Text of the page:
1. ## Sylow group

I was asked to prove that given a finite group G, a normal group N in G, and a p-sylow supgroup P in G, then
$(N_{G}(P)N)/{N}\cong N_{G/N}(PN/N)
$
where $N_{G} (P)$ is the normalizer of P in G (same with $N_{G/N}(PN/N)$ )
I tried to solve it using the homomorphism
$\varphi:N_{G}(P)N\rightarrow G/N$ defined by $\varphi(gn)=gnN$
I can show that $Im(\varphi)\subseteq N_{G/N}(PN/N)$ and also that $ker(\varphi)=N$.
all I need now is to show that $N_{G/N}(PN/N)\subseteq Im(\varphi)$ in order to use the first isomorphism theorem, but for some reason I can manage it.

any help would be appreciated

2. Originally Posted by Prometheus
I was asked to prove that given a finite group G, a normal group N in G, and a p-sylow supgroup P in G, then
$(N_{G}(P)N)/{N}\cong N_{G/N}(PN/N)
$
where $N_{G} (P)$ is the normalizer of P in G (same with $N_{G/N}(PN/N)$ )
I tried to solve it using the homomorphism
$\varphi:N_{G}(P)N\rightarrow G/N$ defined by $\varphi(gn)=gnN$

note that $\color{red}gnN=gN$ because $\color{red}n \in N.$ so we define $\color{red}\varphi(gn)=gN.$ you also need to show that $\color{red}\varphi$ is well-defined and a homomorphism.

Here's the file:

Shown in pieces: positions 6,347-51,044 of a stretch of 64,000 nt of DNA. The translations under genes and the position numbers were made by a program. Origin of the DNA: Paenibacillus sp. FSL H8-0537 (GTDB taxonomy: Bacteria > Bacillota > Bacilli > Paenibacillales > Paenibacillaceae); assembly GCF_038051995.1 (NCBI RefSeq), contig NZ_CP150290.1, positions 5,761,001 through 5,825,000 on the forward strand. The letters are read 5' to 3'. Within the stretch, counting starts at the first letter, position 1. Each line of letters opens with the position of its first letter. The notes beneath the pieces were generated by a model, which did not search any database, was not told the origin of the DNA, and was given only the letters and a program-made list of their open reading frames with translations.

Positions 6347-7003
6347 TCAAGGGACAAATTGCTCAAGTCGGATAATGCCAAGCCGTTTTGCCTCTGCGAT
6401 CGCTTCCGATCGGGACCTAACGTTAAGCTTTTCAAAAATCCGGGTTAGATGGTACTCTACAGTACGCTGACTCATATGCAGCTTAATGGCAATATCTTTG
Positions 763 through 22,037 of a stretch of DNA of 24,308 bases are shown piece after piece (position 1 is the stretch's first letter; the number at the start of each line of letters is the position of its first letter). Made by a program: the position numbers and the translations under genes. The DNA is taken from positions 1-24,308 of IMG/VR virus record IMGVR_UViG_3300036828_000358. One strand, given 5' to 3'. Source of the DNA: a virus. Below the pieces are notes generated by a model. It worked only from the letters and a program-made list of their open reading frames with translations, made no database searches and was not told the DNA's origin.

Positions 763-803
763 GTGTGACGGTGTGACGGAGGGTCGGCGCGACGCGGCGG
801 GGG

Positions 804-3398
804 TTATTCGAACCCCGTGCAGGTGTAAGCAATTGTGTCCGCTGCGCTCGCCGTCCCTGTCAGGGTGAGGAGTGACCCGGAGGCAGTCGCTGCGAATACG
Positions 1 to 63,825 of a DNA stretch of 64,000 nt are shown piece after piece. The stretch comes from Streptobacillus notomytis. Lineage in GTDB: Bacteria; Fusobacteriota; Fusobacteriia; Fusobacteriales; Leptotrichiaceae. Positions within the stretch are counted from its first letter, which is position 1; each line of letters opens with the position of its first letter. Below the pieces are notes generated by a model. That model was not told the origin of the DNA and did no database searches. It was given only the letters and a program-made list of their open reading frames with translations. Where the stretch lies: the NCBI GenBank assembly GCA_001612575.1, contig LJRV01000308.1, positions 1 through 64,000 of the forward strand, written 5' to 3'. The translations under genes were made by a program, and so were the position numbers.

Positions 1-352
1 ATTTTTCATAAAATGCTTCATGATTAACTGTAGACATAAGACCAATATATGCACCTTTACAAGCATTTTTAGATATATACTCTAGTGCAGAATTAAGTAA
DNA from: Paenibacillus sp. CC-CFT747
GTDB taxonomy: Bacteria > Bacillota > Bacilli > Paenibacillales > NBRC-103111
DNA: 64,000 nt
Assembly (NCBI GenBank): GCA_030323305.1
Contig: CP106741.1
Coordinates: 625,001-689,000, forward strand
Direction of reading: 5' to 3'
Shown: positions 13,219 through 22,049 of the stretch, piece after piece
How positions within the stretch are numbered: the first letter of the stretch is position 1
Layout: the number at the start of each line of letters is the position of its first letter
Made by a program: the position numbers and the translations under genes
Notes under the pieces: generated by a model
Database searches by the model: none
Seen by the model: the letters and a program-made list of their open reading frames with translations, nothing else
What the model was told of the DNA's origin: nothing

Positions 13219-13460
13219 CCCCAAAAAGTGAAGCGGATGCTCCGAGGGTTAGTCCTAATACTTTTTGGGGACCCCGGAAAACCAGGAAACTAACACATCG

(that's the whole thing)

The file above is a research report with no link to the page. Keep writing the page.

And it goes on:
I can show that $Im(\varphi)\subseteq N_{G/N}(PN/N)$ and also that $ker(\varphi)=N$.
all I need now is to show that $N_{G/N}(PN/N)\subseteq Im(\varphi)$ in order to use the first isomorphism theorem, but for some reason I can manage it.
you need a little trick to show that $N_{G/N}(PN/N)\subseteq Im(\varphi).$ so let $gN \in N_{G/N}(PN/N).$ then we'll get $g^{-1}Pg \subseteq PN.$ thus $g^{-1}Pg$ is a Sylow p-subgroup of $PN.$ but $P$ is a Sylow p-subgroup of

$PN$ too. thus $P$ and $g^{-1}Pg$ are conjugates in $PN,$ i.e there exists $n \in N: \ g^{-1}Pg=n^{-1}Pn.$ therefore $g_0=gn^{-1} \in N_G(P).$ hence: $\varphi(g_0)=g_0N=gN. \ \Box$

3. we can actually prove a better result, which is: $(N_G(P)N)/N=N_{G/N}(PN/N).$ then you even don't need to define an isomorphism. here's how to prove the equality:

first if $gN \in (N_G(P)N)/N,$ with $g \in N_G(P),$ then $g^{-1}Pg=P,$ which will quickly give us: $gN \in N_{G/N}(PN/N).$

conversely, suppose $gN \in N_{G/N}(PN/N).$ then as i showed in my previous post $gn^{-1} \in N_G(P),$ for some $n \in N.$ thus: $g \in N_G(P)N$ and hence: $gN \in (N_G(P)N)/N.$